I read this:(adsbygoogle = window.adsbygoogle || []).push({});

=====

Nyquist Interval of the opening chapter Historical Background:

"If the essential frequency range is limited to B cycles per second, 2B was given by Nyquist as the maximum number of code elements per second that could be unambiguously resolved, assuming the peak interference is less half a quantum step. This rate is generally referred to as signaling at the Nyquist rate and 1/(2B) has been termed a Nyquist interval."

=====

I understand how the Nyquist theorem applies to signals that are sampled. I understand aliasing to a certain degree. What I do not understand is how it matters to signals like the telegraph, when there is no sampling going on.

- Why does a channel for things like telegraph, what the bandwidth is? 1 Hz is enough to represent a pulse.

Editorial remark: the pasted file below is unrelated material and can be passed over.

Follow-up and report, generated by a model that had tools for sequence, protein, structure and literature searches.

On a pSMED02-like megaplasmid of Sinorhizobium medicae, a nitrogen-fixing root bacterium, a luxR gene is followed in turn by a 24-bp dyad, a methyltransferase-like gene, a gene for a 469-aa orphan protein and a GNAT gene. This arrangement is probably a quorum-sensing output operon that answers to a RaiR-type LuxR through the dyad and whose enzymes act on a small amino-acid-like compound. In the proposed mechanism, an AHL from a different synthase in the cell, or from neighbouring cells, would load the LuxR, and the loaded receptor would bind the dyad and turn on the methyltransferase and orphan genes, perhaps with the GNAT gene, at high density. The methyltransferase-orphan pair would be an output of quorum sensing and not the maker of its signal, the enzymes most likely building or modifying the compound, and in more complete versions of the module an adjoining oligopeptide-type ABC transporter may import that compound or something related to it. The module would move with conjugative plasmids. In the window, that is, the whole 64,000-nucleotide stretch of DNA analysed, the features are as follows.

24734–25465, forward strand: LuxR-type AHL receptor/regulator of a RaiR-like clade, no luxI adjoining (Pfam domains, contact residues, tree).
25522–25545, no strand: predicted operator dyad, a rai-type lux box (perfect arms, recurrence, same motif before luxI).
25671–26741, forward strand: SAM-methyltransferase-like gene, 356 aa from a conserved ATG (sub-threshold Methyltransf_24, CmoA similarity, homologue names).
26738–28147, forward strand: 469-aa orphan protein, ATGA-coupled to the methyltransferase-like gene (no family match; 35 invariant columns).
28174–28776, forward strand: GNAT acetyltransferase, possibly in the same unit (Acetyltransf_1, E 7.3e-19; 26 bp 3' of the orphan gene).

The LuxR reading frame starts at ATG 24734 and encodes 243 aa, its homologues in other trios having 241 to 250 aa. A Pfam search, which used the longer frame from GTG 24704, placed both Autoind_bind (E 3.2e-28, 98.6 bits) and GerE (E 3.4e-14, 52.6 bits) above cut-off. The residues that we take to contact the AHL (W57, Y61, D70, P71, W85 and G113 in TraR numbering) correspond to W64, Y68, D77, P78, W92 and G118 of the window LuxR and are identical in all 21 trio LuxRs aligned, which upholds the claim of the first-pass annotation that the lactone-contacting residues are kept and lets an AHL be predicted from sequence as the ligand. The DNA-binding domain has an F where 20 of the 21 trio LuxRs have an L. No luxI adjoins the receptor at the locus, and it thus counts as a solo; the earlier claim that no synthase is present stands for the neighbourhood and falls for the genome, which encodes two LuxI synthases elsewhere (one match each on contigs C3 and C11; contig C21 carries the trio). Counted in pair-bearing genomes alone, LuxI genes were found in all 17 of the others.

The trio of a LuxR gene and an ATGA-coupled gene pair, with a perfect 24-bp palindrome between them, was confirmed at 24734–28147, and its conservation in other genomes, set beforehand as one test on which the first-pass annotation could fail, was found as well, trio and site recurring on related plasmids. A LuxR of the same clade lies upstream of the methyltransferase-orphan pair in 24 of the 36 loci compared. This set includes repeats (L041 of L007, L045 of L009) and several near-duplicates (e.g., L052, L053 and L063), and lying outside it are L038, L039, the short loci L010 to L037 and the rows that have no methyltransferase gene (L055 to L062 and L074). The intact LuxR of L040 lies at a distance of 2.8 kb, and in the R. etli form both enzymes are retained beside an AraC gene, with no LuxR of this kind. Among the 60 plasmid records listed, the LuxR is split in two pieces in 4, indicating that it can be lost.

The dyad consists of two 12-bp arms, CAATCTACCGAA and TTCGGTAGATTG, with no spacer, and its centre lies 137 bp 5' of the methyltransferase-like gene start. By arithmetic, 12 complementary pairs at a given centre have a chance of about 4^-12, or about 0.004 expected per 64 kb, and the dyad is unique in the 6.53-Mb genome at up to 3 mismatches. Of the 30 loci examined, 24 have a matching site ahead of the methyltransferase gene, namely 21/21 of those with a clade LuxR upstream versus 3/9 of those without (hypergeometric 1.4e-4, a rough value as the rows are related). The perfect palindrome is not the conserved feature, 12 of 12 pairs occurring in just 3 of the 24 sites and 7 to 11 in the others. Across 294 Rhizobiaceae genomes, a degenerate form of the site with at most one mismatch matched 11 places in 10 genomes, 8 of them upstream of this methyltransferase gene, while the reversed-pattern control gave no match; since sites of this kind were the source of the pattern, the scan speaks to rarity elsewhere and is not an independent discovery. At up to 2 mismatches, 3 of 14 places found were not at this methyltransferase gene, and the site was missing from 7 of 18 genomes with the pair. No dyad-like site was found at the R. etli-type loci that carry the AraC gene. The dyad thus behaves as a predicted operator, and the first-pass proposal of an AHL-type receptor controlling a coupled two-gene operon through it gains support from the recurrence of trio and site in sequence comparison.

- Why do we worry about the bandwidth of a telegraph, with respect to the number of pulses per time period? These aren't sampled, so how can aliasing occur? Why can't we pulse a million of them a second over 1Hz?

- Related, why does FSK/PSK have an advantage over ASK/OOK? Why not just take 1 Hz of bandwidth and put a carrier up and take it down a million times a second?

Please answer so that I can understand intuitively. I've seen the formulas, but nobody can explain to me why it is that way.

Thank you

**Physics Forums - The Fusion of Science and Community**

Dismiss Notice

Join Physics Forums Today!

The friendliest, high quality science and math community on the planet! Everyone who loves science is here!

The friendliest, high quality science and math community on the planet! Everyone who loves science is here!

# Nyquist, and also ASK

Loading...

Similar Threads - Nyquist | Date |
---|---|

Nyquist and FM and Signal Mixing... | Aug 17, 2017 |

How to draw Nyquist plot of it | Sep 15, 2016 |

Understanding quadrature sampling | May 26, 2015 |

Question about the Nyquist sampling rate | Mar 5, 2015 |

Nyquist Sampling Rate | Nov 1, 2014 |

**Physics Forums - The Fusion of Science and Community**